This wasn’t one death, but 21 deaths — all from the same bizarre cause. On a warm day in January 1919 in Boston, a large tank containing about 2.5 million gallons of molasses exploded in a neighborhood in the city’s North End. The tank was 50 feet high (15.2 meters), had a diameter of 90 feet (27.4 meters) and was situated on the waterfront in an area populated at the time largely by Italian immigrants. Nobody is sure what caused the massive explosion that sent shrapnel flying as far as 200 feet (61 meters) .
Some of the deaths are attributed to the force of the blast itself, and it’s impossible to say now exactly how many perished in the aftermath. But we do know that the explosion caused a wall of molasses that was reportedly 25 feet (7.6 meters) high to flow into the neighborhood at an estimated 35 miles per hour (56.3 kph) . The sticky wave knocked people over and sucked them in, causing them to drown in the thick, brown liquid.
It took months to clean the mess up and more than 100 lawsuits were settled for almost $1 million six years after the accident occurred . That’s more than $12 million in 2009. Residents of the unlucky neighborhood claim they can still smell the molasses on hot summer days.
3. Death by Hollywood Sign
The most famous of these sad stories is probably that of Peg Entwistle, a young actress from Wales. Enwistle had some success on the stage, even winning roles on Broadway in New York City, but like so many others, she was drawn to the bright lights of Hollywood in central Los Angeles.
Once in California, she found a small measure of success when she played a part in the film “Thirteen Women,” but the fame she desired still eluded her. Test screenings of the film went poorly, and much of her work was edited out of the final product. On Sept. 16, 1932, she climbed up to the famous Hollywood sign for her final act. At the time, the sign still read “Hollywoodland” and was merely an advertisement for a new housing development. Entwistle left her belongings, including a suicide note, at the base of the sign and then climbed up and leapt from the top of the letter “H.”
Her body lay there for two days before it was spotted and later identified by her uncle, who lived in the hills near the sign. Her suicide note simply said, “I am afraid, I am a coward. I am sorry for everything. If I had done this a long time ago, it would have saved a lot of pain. P.E.” In an ironic twist, a letter arrived for Entwistle the day following her death offering her a part in a movie about a woman on the verge on suicide.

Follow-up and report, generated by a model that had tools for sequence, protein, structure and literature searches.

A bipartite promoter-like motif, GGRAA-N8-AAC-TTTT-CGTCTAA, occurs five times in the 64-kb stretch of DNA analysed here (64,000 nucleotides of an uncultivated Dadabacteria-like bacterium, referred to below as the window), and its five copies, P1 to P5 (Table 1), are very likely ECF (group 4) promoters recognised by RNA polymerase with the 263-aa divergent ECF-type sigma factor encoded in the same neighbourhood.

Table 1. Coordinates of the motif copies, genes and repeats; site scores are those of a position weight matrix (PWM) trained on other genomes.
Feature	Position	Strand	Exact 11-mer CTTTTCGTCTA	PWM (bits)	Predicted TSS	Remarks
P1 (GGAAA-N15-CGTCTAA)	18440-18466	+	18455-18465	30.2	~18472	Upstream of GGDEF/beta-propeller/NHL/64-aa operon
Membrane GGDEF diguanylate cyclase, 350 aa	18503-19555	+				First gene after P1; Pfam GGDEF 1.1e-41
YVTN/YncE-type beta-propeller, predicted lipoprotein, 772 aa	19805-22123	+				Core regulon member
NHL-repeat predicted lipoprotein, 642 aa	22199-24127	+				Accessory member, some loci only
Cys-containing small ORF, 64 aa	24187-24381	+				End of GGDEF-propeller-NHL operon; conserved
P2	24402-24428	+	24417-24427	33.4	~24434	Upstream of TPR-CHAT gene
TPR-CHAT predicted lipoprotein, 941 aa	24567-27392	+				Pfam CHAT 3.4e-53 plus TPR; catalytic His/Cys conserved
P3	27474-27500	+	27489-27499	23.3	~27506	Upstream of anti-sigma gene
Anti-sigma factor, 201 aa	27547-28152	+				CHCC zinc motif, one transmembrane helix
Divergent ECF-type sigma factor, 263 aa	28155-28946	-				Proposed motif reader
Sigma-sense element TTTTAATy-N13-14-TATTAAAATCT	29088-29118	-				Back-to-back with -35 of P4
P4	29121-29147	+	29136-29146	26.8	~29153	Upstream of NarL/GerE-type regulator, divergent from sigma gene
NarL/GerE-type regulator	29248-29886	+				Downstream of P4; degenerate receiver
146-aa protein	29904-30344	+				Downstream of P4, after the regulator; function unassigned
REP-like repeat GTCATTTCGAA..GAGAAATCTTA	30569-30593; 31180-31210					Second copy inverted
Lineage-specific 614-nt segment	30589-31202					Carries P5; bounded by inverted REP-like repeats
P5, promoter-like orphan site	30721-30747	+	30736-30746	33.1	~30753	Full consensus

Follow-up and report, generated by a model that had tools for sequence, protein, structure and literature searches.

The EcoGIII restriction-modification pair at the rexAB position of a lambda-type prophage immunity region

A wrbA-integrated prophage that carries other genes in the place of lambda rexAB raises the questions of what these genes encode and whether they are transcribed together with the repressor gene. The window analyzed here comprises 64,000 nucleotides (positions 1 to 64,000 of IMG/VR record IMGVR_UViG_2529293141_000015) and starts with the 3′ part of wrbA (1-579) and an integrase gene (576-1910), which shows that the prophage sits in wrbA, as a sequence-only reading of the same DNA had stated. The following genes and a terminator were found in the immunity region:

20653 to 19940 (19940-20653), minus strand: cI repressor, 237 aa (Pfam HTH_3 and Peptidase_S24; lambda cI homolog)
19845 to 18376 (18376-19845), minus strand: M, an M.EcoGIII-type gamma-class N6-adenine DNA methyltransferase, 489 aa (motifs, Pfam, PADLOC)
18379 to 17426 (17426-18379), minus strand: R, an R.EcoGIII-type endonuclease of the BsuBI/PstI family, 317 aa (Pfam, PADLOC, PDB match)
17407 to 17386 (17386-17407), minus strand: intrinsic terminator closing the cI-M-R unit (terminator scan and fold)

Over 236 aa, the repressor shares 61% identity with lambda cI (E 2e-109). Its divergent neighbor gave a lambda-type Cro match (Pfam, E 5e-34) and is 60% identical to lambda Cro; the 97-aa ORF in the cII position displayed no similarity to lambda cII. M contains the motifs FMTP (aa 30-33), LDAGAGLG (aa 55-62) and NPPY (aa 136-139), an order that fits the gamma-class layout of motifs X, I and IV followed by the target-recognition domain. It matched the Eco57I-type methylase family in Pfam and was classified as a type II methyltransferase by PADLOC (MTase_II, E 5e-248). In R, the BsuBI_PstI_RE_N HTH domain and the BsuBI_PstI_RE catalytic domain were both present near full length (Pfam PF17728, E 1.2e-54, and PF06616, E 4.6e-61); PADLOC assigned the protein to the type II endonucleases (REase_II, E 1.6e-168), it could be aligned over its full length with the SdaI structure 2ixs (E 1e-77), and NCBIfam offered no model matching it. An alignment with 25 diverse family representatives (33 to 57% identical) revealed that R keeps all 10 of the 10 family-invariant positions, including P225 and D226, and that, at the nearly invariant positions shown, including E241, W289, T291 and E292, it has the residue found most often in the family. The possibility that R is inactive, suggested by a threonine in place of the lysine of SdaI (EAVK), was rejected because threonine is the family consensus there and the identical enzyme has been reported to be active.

What exactly happened to cause the deaths of nine hikers in the Ural Mountains of Russia on Feb. 2, 1959, remains one of the country’s most notorious unsolved mysteries. On Jan. 28, 10 students from the Ural Polytechnic Institute set off for some winter hiking. One member fell ill and was left behind to recuperate in a mountain settlement.
The other nine never made it out of the woods, and what investigators found was both frightening and confusing. Their abandoned tent was found ripped open from the inside, half buried in snow, with the shoes and belongings of the students still inside. The first two bodies were found at the edge of the forest, barefoot and dressed in their underwear. The next three bodies were found nearby in similar condition. Two months later, the last of the bodies were found buried in the snow about 250 feet (75 meters) from the first victims .
These four students had massive internal injuries, broken ribs and crushed skulls. One of them was missing her tongue. One thing that perplexed investigators was the fact that there was no sign of struggle and no external wounds. The final four victims were wearing some of the clothes of the others that were found to have high levels of radiation.
Theories have abounded over the years — avalanche, alien interaction and military testing to name a few. Case records were sealed until 1990, when it was learned that bright orange spheres had been spotted in the sky that night by other hikers. This and the radiation on the clothes lead most people to believe that were some secret military shenanigans going on — although the Russian government has never owned up to anything. http://health.howstuffworks.com/10-ways-to-die10.htm